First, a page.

Brooklynites packed Union Temple in Prospect Heights to the rafters Wednesday night for a town hall with U.S. Representative Yvette Clarke, back in her district during this week's Congressional recess.

The meeting, which brought so many out that the line stretched three blocks and the temple sent hundreds of latecomers upstairs to watch a livestream on a projector, focused on key points of the Trump agenda, as well as strategies for constituents as well as the broader Democratic Party to combat the most extreme policies of the Trump administration and Republican Congress.

Clarke blasted President Trump, calling his election "illegitimate" and calling out far-right Republican policy goals, including plans to gut the Affordable Care Act and proposals to eliminate a range of programs, including the National Endowment for the Arts and National Endowment for the Humanities (she pointed out that they support the Brooklyn Public Library, the Brooklyn Museum, and BAM) and the Legal Services Corporation, which provides grants for legal representation for low-income individuals with cases in civil courts.

Clarke sought to paint a larger picture of Trump as outside the mainstream, pointing in particular to the scale of the Women's Marches as evidence of popular opposition to the administration.

"About 250,00 people attended Donald Trump’s inauguration where he presented his vision of America, a vision that absolutely terrifies most Americans," Clarke said. "I did not attend the ceremony." (The crowd, which was relatively low-key though at times loud throughout the meeting, went nuts for this.)

After Clarke kicked the meeting off, she turned to a panel her team had assembled, which included representatives from Planned Parenthood New York, the NYCLU, SUNY Downstate Medical School, and the NYS Department of Health, as well as experts on climate change and civil rights/immigration law.

Panelists weighed in on prominent issues in their areas of expertise, with presentations touching upon everything from the dangers posed by the imposition of the global gag rule—which cuts funding to any international NGO that discusses abortion with clients—to the ecological degradation expected from the rollback of environmental regulations to the legal rights afforded to Americans (documented and undocumented) if they are detained by law enforcement.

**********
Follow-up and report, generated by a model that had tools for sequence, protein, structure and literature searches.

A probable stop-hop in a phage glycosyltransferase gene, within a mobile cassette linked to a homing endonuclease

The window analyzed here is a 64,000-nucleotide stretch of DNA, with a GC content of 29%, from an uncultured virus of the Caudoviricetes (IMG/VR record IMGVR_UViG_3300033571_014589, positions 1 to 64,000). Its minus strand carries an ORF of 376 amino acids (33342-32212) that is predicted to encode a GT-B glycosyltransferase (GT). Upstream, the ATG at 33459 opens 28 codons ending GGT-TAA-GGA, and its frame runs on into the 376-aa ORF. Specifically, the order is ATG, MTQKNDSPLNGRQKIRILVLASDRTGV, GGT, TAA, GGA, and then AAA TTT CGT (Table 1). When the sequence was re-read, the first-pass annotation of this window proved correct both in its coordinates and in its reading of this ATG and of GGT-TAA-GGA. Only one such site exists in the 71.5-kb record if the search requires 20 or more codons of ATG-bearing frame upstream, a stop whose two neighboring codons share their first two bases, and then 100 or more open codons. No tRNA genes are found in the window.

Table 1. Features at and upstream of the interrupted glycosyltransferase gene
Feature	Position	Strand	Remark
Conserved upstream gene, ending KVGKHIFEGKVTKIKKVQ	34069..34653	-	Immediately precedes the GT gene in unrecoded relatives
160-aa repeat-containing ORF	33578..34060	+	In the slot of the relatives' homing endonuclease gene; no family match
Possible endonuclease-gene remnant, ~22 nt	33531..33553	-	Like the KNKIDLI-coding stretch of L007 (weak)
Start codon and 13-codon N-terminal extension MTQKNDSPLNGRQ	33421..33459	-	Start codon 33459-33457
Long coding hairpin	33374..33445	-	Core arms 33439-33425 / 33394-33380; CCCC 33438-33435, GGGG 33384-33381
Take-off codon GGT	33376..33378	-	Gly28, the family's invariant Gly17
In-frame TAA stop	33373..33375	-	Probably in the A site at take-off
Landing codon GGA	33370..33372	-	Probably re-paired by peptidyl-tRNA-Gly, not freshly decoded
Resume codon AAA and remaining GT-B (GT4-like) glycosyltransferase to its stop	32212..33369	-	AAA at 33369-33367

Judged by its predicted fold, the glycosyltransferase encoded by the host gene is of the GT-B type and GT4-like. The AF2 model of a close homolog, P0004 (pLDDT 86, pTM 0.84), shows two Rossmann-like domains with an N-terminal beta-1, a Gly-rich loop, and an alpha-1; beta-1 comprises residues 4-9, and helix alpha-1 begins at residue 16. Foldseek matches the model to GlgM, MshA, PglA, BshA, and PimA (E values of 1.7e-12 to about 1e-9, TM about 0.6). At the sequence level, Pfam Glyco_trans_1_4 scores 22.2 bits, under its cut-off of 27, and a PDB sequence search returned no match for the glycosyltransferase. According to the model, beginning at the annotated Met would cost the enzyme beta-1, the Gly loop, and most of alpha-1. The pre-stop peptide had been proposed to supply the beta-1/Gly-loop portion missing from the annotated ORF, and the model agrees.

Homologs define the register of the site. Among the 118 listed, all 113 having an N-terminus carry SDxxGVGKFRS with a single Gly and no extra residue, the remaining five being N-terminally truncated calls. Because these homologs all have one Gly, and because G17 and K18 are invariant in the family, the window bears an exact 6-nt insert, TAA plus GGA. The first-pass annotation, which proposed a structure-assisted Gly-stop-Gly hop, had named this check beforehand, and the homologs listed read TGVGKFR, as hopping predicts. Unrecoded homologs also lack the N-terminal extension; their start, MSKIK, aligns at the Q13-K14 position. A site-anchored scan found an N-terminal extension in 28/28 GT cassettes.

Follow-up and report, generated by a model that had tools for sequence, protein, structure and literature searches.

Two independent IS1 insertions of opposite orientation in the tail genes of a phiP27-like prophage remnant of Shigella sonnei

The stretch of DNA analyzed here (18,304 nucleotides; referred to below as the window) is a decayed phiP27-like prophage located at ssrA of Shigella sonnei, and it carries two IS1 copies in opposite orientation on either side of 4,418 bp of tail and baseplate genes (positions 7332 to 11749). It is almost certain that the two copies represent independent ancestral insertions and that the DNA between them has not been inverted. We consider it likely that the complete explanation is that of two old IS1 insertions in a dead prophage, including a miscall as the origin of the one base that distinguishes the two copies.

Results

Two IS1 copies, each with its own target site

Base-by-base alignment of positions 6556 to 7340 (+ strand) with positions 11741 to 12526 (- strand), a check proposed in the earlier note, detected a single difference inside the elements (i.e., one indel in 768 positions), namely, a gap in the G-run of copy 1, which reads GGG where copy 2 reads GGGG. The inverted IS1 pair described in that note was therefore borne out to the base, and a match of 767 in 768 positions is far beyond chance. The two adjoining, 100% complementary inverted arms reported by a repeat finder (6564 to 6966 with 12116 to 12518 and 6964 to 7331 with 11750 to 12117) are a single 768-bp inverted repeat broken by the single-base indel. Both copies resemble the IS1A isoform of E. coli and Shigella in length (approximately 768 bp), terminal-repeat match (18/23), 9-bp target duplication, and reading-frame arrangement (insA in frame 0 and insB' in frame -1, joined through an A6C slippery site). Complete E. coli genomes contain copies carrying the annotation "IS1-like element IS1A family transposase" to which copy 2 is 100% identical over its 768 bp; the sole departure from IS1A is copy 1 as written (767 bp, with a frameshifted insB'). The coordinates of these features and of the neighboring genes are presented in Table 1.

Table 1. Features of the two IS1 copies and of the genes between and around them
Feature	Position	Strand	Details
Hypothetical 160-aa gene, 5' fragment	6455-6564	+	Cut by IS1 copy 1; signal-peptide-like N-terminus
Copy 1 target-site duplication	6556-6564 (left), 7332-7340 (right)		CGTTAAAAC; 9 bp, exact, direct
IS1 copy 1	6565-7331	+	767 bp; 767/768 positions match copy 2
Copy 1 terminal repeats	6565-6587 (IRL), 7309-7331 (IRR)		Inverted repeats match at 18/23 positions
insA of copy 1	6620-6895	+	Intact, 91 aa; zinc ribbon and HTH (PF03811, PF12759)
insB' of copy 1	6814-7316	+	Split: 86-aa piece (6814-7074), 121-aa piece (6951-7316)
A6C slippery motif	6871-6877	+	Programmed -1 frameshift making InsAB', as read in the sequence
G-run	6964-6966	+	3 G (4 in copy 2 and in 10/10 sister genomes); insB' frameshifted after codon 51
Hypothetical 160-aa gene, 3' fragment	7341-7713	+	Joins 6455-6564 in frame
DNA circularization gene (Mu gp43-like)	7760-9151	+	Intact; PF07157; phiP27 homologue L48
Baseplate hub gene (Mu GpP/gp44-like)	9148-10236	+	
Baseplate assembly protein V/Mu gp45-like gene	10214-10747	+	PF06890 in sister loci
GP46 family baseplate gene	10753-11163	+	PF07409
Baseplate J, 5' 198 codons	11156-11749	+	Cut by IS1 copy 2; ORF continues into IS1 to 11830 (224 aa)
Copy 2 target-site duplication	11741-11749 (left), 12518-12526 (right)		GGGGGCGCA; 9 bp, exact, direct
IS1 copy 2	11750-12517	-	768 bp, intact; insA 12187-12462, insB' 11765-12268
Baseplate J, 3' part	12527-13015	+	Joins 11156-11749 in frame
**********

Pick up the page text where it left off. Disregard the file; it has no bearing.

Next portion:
A Q&A session followed, with a lot of audience participation pushing the event past it's 9 p.m. end time.

Public Advocate Tish James, who along with Assembly Members Walter T. Mosley and Latrice Walker, was also in attendance, hopped on stage to offer some last-minute words to the crowd. "We've got to stand up to Agent Orange," James said. "We've got to make sure that his poll numbers sink."

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Overflow crowd watches the proceedings on a live stream upstairs from the main auditorium at Union Temple. (Scott Heins/Gothamist)

In a refrain that's become familiar, James chanted: "Say it loud, say it clear, refugees [and immigrants] are welcome here."

Like Clarke, James said she would be supporting Rep. Keith Ellison in his bid for the chairmanship of the Democratic National Committee. "We need to retake the Democratic Party," she said. "We need to rebuild our Democratic Party. We've lost our moral core."

While much of the proceedings focused on the grim political realities facing the nation, Clarke expressed hope about the potential for progressive change. "I am optimistic. I have to tell you all it's great to be home with you," she said. "We have overcome tyranny before and we must and we will overcome the tyranny facing us today."